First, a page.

“Leftovers Anyone?”

IMG_0378

I have a neighbor who refuses to eat leftovers. I have no idea why a grown man would take this stance, but it probably goes back to his childhood experiences. In my family there were rarely leftovers. My mother never quite got the knack of cooking enough for us and we ate up all that was offered. But there were times of big dinners, such as Thanksgiving, that we had leftovers. Those were put into the refrigerator in the kind of glass containers pictured above. Some of ours were bigger and some that size.To reheat the leftovers, you would put them in a saucepan or frying pan and gently warm them up.

I have over corrected for my mother’s approach, and I constantly cook more than we can eat. I no longer have these little glass containers, so my food goes into bowls and is covered with—you guessed it—plastic wrap. Then when one of us wants to have some, we put it on a plate and reheat it in the microwave. There is even a setting on the device called “dinner plate.”

That short comparison highlights how much things have changed in just 50 years or so. My mother was not trying to be eco-friendly by using those containers. They were the standard solution for storing extra food. We didn’t have the option of immediately reheating food, and so we never thought anything about waiting while it warmed. Now I would have to be intentional to search out these containers(the photo items were at a “vintage” site.) Then I would have to “wait” while the food heated on the burner.

Clearly the planet was better off without the choice of plastic. At this point it would take widespread reform so that I reached, without having to think about it, for a glass storage dish for leftovers. As for microwaves, I still have no idea if they are safe or not. But they sure are convenient!

13 thoughts on ““Leftovers Anyone?”

  1. When we moved last year, we intentionally did not want a microwave, still do not have one and will not get one. The place we lived before, a family member’s senior citizen community condo, had a microwave, and we used it far too much due to its convenience and my poor health, so the food was often insty-crap and my health only got worse, even though we tried to buy the organic or ‘all natural’ options. I do have glass containers now, although some have a kind of plastic lid, and I do reheat food in frying pans mostly. It has been a tremendous weekend for leftovers from the local restaurants, and they use those little sturdy paper leftover containers, so I feel like less is being wasted due to the containers themselves (remember styrofoam?) and each meal we buy out at a restaurant becomes at least another here for us. Maybe you can put a microwave-safe glass plate over the containers while you reheat them so you needn’t use the plastic, which is known to put bad things into food in contact with microwave heating…?

    1. Thanks for the tip about glass cover. As for us, the food still comes either in styrofoam or plastic containers as leftovers. Even the Chinese place has changed from those little paper cartons. Perhaps because you are in a little more upscale area(not you particularly, just the area)there is more “eco-consciousness.” Another peeve of mine is that it is easier to be healthy in more affluent communities.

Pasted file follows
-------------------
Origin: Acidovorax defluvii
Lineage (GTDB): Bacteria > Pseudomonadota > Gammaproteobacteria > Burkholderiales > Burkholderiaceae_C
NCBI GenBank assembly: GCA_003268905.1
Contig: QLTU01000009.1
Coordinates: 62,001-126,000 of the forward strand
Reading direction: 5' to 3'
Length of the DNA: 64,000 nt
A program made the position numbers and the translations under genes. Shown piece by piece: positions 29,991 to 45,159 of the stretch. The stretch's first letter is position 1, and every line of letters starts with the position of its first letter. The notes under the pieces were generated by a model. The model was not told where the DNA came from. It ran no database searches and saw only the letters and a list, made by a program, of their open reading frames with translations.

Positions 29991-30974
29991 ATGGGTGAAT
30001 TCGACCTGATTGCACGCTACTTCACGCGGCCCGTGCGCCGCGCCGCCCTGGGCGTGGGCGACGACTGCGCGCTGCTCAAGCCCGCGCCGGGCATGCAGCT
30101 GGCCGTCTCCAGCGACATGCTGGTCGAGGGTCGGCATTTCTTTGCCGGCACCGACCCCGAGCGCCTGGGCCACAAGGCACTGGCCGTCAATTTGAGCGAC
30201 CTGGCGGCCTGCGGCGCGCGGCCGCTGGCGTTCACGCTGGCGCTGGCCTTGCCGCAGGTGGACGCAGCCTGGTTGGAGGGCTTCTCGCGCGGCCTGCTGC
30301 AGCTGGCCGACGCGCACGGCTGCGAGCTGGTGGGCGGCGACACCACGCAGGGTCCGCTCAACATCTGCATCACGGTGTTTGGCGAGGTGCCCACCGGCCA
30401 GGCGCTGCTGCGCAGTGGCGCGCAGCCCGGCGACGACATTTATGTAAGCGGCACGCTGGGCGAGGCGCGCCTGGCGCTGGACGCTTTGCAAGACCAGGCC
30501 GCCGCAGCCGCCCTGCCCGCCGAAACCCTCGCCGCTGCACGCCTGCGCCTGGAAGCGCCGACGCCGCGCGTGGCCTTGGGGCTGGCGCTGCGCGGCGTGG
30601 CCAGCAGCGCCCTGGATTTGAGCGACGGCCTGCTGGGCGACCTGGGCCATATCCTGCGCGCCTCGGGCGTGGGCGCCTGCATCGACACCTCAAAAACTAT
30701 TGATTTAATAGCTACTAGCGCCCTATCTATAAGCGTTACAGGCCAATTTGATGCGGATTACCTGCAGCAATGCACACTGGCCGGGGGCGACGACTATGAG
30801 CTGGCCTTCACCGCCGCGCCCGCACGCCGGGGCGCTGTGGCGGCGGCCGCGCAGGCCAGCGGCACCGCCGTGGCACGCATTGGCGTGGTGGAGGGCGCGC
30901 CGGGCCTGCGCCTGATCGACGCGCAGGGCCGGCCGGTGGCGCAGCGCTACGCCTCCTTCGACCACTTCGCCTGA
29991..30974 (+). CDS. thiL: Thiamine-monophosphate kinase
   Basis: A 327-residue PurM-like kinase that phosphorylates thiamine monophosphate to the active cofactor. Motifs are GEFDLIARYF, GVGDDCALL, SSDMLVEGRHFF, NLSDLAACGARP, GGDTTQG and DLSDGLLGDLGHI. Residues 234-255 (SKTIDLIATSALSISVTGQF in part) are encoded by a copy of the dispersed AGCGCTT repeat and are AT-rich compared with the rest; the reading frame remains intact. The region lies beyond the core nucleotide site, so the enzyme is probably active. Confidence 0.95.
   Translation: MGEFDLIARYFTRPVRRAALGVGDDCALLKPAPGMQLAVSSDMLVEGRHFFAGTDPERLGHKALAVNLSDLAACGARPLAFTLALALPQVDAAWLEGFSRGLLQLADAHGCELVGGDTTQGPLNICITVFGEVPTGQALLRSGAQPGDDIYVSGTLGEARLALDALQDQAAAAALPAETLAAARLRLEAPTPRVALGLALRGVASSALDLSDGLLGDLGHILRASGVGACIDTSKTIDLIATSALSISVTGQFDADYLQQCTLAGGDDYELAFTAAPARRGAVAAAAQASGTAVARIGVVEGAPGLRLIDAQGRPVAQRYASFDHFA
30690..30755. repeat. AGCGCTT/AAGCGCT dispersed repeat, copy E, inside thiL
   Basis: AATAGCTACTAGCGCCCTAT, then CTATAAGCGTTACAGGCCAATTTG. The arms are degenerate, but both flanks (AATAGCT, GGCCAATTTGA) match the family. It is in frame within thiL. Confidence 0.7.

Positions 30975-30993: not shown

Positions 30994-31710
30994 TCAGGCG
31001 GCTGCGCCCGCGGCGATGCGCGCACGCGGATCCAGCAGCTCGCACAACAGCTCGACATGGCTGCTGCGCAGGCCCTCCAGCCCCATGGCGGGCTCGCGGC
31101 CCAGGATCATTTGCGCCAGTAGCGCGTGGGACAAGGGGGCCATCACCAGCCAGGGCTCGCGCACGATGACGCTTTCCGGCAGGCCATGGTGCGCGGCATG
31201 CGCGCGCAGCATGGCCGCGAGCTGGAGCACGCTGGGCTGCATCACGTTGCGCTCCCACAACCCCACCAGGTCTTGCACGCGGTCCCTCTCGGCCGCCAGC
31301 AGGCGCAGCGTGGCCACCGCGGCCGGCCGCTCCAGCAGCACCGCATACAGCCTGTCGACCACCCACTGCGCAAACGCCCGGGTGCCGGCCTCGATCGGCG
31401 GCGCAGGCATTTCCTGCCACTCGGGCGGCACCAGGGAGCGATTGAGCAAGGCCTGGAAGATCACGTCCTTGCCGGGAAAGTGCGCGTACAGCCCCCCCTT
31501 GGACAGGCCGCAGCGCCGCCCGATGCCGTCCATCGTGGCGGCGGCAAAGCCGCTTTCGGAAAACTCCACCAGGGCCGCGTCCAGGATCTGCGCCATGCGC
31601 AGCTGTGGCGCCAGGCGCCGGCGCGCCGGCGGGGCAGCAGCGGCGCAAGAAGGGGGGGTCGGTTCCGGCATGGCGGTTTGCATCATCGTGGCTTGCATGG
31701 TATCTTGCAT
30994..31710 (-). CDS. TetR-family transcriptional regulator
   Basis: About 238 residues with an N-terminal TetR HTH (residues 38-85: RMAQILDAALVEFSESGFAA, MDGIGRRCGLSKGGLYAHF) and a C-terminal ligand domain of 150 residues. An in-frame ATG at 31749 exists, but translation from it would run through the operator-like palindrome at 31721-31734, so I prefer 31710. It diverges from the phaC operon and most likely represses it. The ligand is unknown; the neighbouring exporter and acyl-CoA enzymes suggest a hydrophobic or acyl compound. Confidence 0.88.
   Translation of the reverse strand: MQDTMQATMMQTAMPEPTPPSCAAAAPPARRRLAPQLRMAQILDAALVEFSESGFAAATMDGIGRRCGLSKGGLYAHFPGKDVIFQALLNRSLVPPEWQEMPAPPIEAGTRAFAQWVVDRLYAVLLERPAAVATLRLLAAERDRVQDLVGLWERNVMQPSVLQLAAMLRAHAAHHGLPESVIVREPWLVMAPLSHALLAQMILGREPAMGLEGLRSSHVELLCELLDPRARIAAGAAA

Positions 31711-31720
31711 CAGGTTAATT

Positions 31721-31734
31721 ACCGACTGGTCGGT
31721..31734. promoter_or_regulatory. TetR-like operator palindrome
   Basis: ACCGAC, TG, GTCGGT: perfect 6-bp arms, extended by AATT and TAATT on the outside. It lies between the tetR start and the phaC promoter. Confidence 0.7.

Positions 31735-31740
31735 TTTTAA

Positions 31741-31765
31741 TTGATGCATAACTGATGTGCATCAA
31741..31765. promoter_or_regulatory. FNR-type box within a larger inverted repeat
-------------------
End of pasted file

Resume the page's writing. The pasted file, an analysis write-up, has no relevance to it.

1. I agree. I think that Woodstock has such an international tourist reputation that some of the upscale.crunchy granola/expensive places use the cardboard things that look like the Chinese places used to use, only bigger and without metal on. There are pizza joints and bad-quality burgers places where you get plastic, and the Indian place uses metal with paper lids. I think that NY state actually outloawed styrofoam, or maybe that was NJ…? People need decent food at good prices and less pollution. I’m so glad not to be a drinker or smoker, with the prices these days: close to $10.00 for a pack of cigarettes, and my parents used to buy a carton/ten packs for $6.70, I recall, when I was a teen. My dad used to smoke four packs a day until he gave it up suddenly, so that would be $280.00 A WEEK in cigarettes alone! That’s a week’s income for many!

  2. We are from the same era, and my mother did the same thing, even though she was usually feeding eight people. So I learnt to cook large portions and now, even though there are only two of us in my household, I tend to over cook. So yes, I need to store leftovers, which are always (usually) consumed the next day. Nothing hangs around in my house! And no, we rally use the microwave we have, that usually ends up heating up milk for hot chocolate.

    Go figure. Oh, and I would love those glass containers. I already have similar.

  3. Leftovers are great as second meal. When reheating them, I use Corning wares with glass cover. As for freezing leftover, I don’t. It was a habit Mother instilled that leftovers are eaten first thus save cooking.

  4. I like to use enameled steel whenever I can, then reheat on a dinner plate. It isn’t the best solution, but at least I get away from the plastics a little.

  5. Plastic has certainly become a widespread problem, Elizabeth. I am trying to reduce my usage to the extent I can. We use corning-ware dishes for leftovers. I do use the microwave quite a lot.

Leave a Reply

Please log in using one of these methods to post your comment:

WordPress.com Logo

You are commenting using your WordPress.com account. Log Out /  Change )

Google+ photo

You are commenting using your Google+ account. Log Out /  Change )

Twitter picture

You are commenting using your Twitter account. Log Out /  Change )

Facebook photo

You are commenting using your Facebook account. Log Out /  Change )

Connecting to %s